Sunday, May 22, 2011
The Friendship Doll
by Kirby Larson
Delacorte Books for Young Readers (May, 2011)
Ages 9 and up
Take four stories that span more than a decade of the Great Depression, each of which captures a pivotal moment in the life of a different girl, and link them through the awakening heart of a Japanese doll—you know what you have? One of this year's most compelling books in children's literature: THE FRIENDSHIP DOLL.
Although I am an admitted fan of Kirby Larson, I am not a big fan of dolls (unless they are the wicked, mangled, creatury kind); however, by the time I reached the end of the first story, I could not put this book down. Not only does Larson breathe life into the pretentious Miss Kanagawa, one of 58 Ambassadors of Friendship sent by Japan in 1927, she breathes life into the pages of this book with a subtle element of liminal fantasy that gives each episodic tale a mesmerizing mystical quality grounded in historical authenticity.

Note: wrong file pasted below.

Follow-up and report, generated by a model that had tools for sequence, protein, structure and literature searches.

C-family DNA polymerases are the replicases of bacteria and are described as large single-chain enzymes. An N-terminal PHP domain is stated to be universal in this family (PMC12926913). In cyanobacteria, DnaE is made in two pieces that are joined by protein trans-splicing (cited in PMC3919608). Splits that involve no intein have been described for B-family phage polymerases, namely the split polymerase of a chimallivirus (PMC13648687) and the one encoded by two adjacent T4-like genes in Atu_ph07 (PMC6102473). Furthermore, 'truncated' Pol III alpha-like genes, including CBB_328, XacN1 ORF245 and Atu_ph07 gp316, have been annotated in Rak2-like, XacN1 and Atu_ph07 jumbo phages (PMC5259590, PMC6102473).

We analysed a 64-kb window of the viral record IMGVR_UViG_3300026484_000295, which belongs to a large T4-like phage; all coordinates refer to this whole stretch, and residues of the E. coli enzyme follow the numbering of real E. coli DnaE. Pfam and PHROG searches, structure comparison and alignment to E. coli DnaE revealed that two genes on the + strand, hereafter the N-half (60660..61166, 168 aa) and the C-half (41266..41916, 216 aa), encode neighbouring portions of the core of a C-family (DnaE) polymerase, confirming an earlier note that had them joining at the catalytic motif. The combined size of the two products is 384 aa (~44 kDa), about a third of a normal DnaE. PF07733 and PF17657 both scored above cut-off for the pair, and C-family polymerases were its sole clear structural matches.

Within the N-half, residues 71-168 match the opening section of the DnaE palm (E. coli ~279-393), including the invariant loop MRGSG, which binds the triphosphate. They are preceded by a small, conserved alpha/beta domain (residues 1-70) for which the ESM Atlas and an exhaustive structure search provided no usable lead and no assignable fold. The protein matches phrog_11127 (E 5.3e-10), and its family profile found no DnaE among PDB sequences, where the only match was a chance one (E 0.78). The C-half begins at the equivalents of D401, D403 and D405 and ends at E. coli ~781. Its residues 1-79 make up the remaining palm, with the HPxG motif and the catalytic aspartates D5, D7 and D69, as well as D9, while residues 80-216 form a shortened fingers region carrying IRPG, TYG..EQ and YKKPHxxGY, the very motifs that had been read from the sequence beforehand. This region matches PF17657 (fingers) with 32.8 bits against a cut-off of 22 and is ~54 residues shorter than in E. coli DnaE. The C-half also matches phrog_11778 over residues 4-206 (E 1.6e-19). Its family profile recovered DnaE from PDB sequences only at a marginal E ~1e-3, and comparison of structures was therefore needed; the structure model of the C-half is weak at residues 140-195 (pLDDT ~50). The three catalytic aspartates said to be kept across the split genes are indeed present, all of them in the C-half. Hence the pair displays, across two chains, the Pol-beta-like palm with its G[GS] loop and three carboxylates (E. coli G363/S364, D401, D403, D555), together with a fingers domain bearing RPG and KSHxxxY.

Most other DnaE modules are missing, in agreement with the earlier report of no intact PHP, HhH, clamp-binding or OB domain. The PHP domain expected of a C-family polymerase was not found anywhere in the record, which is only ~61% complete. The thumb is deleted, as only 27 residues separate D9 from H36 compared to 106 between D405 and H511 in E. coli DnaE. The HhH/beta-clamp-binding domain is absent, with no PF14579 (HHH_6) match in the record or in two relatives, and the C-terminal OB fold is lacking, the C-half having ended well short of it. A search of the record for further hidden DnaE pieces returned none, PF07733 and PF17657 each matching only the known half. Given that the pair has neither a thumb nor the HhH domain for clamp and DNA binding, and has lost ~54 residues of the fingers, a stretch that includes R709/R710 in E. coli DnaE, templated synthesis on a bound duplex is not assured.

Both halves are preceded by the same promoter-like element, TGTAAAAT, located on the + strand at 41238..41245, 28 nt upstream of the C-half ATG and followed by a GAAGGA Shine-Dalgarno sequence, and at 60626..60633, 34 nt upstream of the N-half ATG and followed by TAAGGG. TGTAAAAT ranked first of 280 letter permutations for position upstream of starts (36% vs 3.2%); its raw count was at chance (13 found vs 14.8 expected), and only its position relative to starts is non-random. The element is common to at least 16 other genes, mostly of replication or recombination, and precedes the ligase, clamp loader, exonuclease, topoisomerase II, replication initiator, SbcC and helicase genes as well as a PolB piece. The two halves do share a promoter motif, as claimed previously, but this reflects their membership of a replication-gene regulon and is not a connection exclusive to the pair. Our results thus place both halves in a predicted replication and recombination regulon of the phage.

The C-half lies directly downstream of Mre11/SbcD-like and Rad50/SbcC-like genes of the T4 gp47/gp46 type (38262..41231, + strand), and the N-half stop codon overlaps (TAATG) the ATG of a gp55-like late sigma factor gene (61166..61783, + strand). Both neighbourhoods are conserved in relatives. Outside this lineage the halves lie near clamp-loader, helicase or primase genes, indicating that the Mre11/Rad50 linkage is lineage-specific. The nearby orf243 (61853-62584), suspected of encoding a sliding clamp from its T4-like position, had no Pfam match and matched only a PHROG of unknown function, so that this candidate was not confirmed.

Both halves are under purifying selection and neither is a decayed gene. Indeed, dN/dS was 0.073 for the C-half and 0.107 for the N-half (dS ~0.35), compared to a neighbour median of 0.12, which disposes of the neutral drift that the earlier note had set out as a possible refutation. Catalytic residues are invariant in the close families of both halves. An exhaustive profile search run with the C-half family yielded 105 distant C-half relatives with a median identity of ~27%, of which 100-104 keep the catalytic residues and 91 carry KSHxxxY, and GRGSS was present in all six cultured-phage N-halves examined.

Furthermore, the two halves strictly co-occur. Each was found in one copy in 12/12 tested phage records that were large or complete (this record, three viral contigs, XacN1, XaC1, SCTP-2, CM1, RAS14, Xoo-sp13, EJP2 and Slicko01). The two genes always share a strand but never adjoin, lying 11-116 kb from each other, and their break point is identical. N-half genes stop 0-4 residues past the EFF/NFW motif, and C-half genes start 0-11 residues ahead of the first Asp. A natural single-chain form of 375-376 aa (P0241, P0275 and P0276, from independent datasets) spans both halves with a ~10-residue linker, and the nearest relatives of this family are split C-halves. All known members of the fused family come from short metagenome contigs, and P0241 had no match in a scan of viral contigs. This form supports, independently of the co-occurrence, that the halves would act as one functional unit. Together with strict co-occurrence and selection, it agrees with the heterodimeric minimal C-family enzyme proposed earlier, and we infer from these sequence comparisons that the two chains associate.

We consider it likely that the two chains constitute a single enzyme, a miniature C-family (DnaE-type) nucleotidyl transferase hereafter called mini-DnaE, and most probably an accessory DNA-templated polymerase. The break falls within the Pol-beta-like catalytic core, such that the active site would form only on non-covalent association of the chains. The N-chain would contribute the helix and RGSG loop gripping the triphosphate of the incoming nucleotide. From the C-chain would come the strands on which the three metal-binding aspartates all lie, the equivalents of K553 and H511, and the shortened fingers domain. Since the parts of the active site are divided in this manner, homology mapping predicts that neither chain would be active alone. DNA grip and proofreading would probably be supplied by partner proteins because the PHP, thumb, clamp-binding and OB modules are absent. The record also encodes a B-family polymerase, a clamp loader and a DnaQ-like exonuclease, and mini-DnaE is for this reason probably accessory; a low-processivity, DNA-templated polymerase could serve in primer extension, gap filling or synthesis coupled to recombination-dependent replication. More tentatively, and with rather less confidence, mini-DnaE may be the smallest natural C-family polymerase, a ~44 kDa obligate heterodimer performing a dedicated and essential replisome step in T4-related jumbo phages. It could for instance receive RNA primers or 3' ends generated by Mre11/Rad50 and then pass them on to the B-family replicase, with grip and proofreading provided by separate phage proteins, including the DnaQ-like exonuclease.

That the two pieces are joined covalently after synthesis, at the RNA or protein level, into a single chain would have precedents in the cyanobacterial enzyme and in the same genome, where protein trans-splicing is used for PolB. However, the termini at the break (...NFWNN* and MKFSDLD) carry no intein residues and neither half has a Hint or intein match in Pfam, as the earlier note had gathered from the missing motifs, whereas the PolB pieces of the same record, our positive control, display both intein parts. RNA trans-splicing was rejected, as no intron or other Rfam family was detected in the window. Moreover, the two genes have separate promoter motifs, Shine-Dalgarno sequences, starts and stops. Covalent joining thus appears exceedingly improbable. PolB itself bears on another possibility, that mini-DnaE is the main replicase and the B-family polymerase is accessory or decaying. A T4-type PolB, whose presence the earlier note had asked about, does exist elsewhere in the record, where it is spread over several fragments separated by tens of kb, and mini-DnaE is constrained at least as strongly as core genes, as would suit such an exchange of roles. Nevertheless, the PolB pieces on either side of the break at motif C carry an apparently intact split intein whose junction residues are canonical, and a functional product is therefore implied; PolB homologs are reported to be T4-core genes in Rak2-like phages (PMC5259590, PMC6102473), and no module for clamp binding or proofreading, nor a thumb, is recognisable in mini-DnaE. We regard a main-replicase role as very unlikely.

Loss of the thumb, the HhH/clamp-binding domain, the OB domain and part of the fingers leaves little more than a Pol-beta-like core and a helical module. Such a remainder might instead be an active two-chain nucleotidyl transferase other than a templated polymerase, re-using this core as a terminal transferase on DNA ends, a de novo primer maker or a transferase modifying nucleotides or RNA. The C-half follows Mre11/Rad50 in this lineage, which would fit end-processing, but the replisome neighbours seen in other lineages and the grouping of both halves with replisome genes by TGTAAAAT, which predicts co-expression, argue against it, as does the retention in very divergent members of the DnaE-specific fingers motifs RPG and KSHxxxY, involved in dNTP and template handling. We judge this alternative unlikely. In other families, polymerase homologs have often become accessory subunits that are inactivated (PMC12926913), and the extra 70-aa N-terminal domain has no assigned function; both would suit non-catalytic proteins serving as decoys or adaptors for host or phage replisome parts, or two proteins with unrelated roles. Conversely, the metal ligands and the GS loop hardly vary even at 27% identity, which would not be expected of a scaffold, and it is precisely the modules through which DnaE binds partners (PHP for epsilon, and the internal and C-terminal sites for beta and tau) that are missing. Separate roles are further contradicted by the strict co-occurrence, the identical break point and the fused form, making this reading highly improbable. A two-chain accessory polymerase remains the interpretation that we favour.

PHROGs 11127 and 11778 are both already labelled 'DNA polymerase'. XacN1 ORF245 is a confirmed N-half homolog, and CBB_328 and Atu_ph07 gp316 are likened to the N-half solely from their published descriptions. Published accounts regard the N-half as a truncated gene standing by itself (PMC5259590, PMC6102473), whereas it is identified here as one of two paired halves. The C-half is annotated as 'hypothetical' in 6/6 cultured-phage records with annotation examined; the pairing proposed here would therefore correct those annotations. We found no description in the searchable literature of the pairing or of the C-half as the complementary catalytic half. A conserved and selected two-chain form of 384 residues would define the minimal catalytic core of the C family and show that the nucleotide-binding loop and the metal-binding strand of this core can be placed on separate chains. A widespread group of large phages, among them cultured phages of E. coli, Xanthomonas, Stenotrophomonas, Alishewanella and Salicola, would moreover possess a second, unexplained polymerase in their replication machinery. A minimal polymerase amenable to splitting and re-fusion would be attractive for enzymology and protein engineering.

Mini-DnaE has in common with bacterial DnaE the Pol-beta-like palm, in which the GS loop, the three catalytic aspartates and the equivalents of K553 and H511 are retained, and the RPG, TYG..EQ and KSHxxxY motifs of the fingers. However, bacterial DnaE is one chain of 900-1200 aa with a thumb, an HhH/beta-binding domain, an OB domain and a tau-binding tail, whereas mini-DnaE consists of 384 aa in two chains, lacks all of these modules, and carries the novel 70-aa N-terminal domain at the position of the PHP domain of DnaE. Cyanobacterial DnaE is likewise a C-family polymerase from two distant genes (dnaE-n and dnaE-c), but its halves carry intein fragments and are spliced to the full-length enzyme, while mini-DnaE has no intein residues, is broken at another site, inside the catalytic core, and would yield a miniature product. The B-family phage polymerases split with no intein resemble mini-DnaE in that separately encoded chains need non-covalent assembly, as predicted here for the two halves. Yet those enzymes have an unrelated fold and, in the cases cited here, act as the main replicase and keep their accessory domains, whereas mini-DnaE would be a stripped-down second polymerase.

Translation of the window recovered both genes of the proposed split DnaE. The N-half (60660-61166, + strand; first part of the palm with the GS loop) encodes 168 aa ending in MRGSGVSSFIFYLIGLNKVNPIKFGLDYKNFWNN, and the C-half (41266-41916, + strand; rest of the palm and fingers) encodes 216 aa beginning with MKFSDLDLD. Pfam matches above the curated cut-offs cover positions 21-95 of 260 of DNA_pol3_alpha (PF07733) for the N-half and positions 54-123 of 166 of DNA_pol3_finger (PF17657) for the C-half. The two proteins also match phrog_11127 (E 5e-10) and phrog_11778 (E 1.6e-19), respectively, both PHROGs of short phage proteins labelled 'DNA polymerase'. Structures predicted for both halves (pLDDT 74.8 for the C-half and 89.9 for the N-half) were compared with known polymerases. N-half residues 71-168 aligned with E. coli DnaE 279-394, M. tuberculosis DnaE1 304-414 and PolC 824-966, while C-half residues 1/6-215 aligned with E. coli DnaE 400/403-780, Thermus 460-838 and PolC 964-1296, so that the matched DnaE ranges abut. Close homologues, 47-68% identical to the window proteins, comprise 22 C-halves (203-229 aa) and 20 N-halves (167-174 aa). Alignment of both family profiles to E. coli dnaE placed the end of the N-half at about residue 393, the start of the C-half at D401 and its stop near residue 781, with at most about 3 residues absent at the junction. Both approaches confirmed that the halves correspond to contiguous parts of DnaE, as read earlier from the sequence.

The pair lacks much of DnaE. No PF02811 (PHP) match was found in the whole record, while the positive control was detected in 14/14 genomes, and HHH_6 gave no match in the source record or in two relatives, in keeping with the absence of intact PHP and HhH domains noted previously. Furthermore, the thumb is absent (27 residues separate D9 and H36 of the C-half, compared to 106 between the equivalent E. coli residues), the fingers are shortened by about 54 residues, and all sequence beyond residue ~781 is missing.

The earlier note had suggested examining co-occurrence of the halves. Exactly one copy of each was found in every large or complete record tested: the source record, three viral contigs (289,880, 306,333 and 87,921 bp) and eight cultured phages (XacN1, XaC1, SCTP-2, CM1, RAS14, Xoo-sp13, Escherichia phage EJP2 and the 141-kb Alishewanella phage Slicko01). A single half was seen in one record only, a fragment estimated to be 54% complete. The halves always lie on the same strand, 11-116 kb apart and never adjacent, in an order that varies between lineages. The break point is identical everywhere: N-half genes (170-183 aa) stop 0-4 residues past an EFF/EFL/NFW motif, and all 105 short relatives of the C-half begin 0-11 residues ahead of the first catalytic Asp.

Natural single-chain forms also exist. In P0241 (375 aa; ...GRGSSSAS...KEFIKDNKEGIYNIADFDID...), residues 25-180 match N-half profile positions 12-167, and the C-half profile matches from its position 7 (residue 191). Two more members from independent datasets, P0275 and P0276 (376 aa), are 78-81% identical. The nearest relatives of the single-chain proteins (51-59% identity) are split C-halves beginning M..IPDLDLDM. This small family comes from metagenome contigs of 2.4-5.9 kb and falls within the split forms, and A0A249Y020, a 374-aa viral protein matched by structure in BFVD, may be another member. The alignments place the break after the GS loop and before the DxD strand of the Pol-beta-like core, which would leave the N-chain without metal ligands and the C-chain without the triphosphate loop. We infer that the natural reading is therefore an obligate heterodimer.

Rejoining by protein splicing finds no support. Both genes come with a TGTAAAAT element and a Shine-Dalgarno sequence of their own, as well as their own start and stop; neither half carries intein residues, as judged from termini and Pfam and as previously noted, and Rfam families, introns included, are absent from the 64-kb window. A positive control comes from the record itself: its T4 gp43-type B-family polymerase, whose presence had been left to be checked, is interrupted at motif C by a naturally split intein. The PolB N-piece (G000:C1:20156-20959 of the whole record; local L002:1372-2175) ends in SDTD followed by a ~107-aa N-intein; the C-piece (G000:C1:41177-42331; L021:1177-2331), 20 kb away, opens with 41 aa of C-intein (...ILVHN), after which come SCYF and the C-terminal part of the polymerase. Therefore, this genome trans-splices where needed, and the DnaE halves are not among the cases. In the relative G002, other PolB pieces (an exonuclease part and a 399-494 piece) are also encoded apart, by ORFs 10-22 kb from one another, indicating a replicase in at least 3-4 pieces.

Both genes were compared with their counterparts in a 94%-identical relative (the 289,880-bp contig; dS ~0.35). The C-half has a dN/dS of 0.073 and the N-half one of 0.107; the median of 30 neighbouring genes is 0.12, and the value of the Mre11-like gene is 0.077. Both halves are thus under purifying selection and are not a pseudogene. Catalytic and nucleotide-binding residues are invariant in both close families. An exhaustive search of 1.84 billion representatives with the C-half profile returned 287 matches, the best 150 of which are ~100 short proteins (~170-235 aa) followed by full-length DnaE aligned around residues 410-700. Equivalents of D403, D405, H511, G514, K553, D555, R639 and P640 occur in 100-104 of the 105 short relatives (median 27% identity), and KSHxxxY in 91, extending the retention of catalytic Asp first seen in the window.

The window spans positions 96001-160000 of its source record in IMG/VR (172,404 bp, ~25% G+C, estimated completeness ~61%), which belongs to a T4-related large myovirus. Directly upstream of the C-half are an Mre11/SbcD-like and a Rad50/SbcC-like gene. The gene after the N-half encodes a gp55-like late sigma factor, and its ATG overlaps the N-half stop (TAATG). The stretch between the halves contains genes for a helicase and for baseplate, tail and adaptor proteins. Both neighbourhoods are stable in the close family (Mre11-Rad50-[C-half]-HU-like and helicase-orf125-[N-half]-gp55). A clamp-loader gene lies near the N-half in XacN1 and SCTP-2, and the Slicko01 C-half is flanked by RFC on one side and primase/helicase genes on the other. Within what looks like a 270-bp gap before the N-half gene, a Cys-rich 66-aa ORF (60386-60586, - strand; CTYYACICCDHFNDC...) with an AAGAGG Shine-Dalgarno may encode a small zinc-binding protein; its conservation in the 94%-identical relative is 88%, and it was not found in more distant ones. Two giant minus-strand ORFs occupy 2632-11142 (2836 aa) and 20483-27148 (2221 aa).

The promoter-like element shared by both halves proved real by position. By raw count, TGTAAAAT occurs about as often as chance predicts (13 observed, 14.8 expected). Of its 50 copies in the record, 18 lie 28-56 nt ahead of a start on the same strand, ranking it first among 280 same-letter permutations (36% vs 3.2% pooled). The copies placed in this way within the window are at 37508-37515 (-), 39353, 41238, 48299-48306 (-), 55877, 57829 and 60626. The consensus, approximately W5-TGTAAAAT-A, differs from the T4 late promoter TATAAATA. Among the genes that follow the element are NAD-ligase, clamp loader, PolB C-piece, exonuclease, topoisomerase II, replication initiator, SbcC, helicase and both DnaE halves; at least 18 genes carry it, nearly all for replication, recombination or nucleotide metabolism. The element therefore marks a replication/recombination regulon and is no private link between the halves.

This is no easy feat, but when it works (as this does), the payoff is huge. One of my librarian friends read the ARC of this book a couple months ago, and she was raving that it "blew [her] mind." I had no idea what she meant by this, but I do now. The book—its four part structure and seamless blending of the magical with the mundane—has a numinous quality. And the voice—the voices—so pitch perfect in each narration they lend even more authenticity to the telling as Miss. Kanagawa is passed from place to place, suffering the hardship of years and diminished circumstances—but not diminished heart.
THE FRIENDSHIP DOLL closes with a fifth story that diverges from the other four by jumping to the present day. The leap jarred me at first, mainly because the Depression-era world created by Larson in the rest of the book is so hard to leave, but I can see that the book wouldn't have worked without it. In this sense, I tend to think of it more as a perfect epilogue than an ending.
On every level, THE FRIENDSHIP DOLL embodies the power of storytelling and friendship to heal and unite that which has become separated, isolated or broken. For me, there is just one thing lacking in this marvelous narrative: a cash reward for information leading to the whereabouts (or fate) of Miss Kanagawa and her missing sisters. Random House, are you listening?
Source: I bought my copy from Secret Garden Books
About my reviews:
My comments and reactions to the books I read are not so much reader-type reviews as they are my experience of the story as a writer studying the craft. I write them to examine what makes a story work.